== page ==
What did David Wilkerson say that got so many people talking?

On March 7, evangelist David Wilkerson posted an "urgent message" to his blog, ministry website, and mailing list. It began:

I am compelled by the Holy Spirit to send out an urgent message to all on our mailing list, and to friends and to bishops we have met all over the world.
For ten years I have been warning about a thousand fires coming to New York City. It will engulf the whole megaplex, including areas of New Jersey and Connecticut. Major cities all across America will experience riots and blazing fires — such as we saw in Watts, Los Angeles, years ago.
There will be riots and fires in cities worldwide. There will be looting — including Times Square, New York City. What we are experiencing now is not a recession, not even a depression. We are under God's wrath.

Aren't such prophecies relatively common online?

Prophetic words in general are not very rare. For example, you can subscribe to Charisma magazine's "Prophetic Insight" newsletter to get the latest messages from those who say they have a message for the church directly from the Lord. The newsletter tends more toward the "words of encouragement" prophecies than "end times" parsing, though you can find lots of those newsletters online, too.

Are most of the other prophecy newsletters as calamitous?

Actually, Charisma's latest "Prophetic Insight" seems to be a response of sorts to Wilkerson. "Contra the doom-and-gloomers, and despite my own emotional pull to hit the panic button, America will not collapse economically or politically," wrote R. Loren Sandford, pastor of New Song Fellowship in Denver. "We are not under judgment. Destruction is not just over the horizon."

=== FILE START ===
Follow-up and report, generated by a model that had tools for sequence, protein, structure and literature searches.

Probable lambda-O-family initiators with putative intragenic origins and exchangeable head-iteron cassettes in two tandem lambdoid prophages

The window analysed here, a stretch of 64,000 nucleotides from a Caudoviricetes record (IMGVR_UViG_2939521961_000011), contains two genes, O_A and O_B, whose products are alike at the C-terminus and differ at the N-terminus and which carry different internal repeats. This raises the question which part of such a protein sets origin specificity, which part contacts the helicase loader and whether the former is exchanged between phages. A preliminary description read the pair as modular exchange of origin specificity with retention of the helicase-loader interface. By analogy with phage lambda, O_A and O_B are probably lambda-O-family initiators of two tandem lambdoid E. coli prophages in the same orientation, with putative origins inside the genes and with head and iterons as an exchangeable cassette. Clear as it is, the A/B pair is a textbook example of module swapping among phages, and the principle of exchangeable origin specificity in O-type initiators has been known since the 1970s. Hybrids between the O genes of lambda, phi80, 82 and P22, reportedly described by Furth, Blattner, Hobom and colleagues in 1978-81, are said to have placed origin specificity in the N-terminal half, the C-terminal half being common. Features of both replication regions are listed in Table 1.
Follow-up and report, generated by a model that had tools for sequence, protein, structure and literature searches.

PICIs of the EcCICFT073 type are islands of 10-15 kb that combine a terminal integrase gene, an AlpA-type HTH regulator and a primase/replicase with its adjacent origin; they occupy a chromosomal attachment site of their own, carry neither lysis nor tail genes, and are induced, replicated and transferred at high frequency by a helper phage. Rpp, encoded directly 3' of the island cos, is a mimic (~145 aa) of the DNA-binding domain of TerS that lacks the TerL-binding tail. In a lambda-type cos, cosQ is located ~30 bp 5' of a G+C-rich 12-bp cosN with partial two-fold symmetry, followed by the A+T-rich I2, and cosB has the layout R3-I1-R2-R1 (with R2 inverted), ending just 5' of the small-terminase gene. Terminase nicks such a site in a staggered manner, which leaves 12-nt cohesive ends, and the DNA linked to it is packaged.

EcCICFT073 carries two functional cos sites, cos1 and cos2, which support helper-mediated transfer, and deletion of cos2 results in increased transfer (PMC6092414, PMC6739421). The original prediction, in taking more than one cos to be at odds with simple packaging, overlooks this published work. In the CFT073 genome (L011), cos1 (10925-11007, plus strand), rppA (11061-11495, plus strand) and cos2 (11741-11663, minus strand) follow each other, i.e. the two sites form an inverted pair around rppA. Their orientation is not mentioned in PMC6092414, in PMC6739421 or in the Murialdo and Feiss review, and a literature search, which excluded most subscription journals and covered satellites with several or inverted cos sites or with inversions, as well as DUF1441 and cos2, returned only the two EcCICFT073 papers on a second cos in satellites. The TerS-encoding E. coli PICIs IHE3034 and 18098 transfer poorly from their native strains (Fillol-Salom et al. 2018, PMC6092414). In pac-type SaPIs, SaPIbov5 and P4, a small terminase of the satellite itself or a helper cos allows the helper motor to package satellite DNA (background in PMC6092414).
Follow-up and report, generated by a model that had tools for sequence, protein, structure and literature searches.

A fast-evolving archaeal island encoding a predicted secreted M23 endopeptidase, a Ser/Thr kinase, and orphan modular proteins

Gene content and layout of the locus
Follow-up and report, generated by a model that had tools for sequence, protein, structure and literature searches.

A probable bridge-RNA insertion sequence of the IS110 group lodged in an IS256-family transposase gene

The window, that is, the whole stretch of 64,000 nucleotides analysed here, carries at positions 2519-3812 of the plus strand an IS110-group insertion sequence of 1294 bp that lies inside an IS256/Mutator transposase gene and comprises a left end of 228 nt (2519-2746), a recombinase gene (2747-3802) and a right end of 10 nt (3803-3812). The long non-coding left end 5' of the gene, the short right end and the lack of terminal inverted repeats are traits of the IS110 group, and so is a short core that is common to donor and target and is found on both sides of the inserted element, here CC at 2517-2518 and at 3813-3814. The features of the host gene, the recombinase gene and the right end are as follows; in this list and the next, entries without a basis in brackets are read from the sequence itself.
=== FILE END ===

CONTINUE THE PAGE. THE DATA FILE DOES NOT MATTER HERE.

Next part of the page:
If prophecy is so common online, why is this getting so much attention?

Wilkerson has more credibility and name recognition than many other online prophets. He is the author of The Cross and the Switchblade, one of the most popular books in evangelical history. (It ranked #32 in Christianity Today's list of "Top 50 Books That Have Shaped Evangelicals.") His Teen Challenge ministry is very prominent in discussions of drug treatment and social service partnerships between church and government. And Times Square Church, which he founded, reportedly draws 8,000 people weekly and is known for its many social service ministries.

Still, Wilkerson's message probably wouldn't have received as much notice without the Drudge Report prominently promoting it at the top of its page under the headline: "Famed pastor predicts imminent catastrophe."

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What does Wilkerson say people should do about his message?

There's "no need to hide. This is God's righteous work," he said. But he added, "I give you a practical word I received for my own direction. If possible lay in store a thirty-day supply of non-perishable food, toiletries, and other essentials. In major cities, grocery stores are emptied in an hour at the sign of an impending disaster."

Doesn't that sound like the warnings about Y2K that some Christian groups were giving in 1999?

Many critics think so. "It does not resonate with my spirit when he claims that God told him to 'lay in store a thirty-day supply of non-perishable food, toiletries and other essentials' because when disaster comes 'grocery stores are emptied in an hour,' " John Piper wrote on his blog. "God might have said this. But it doesn't smell authentic to me. Too prudential. Too reminiscent of the embarrassing Y2K excesses. … [M]y own effort to be discerning says: Stick with the Bible, David. It is scary enough. And it is absolutely true. And your credibility will never fall."

Prison Fellowship's Roberto Rivera was also reminded of Y2K to such a degree that he has dismissed Wilkerson's comments as (borrowing from philosopher Jeremy Bentham) "simple nonsense … rhetorical nonsense — nonsense upon stilts." "Check your thorazine, because you're probably hallucinating," Rivera wrote.

How has Wilkerson responded?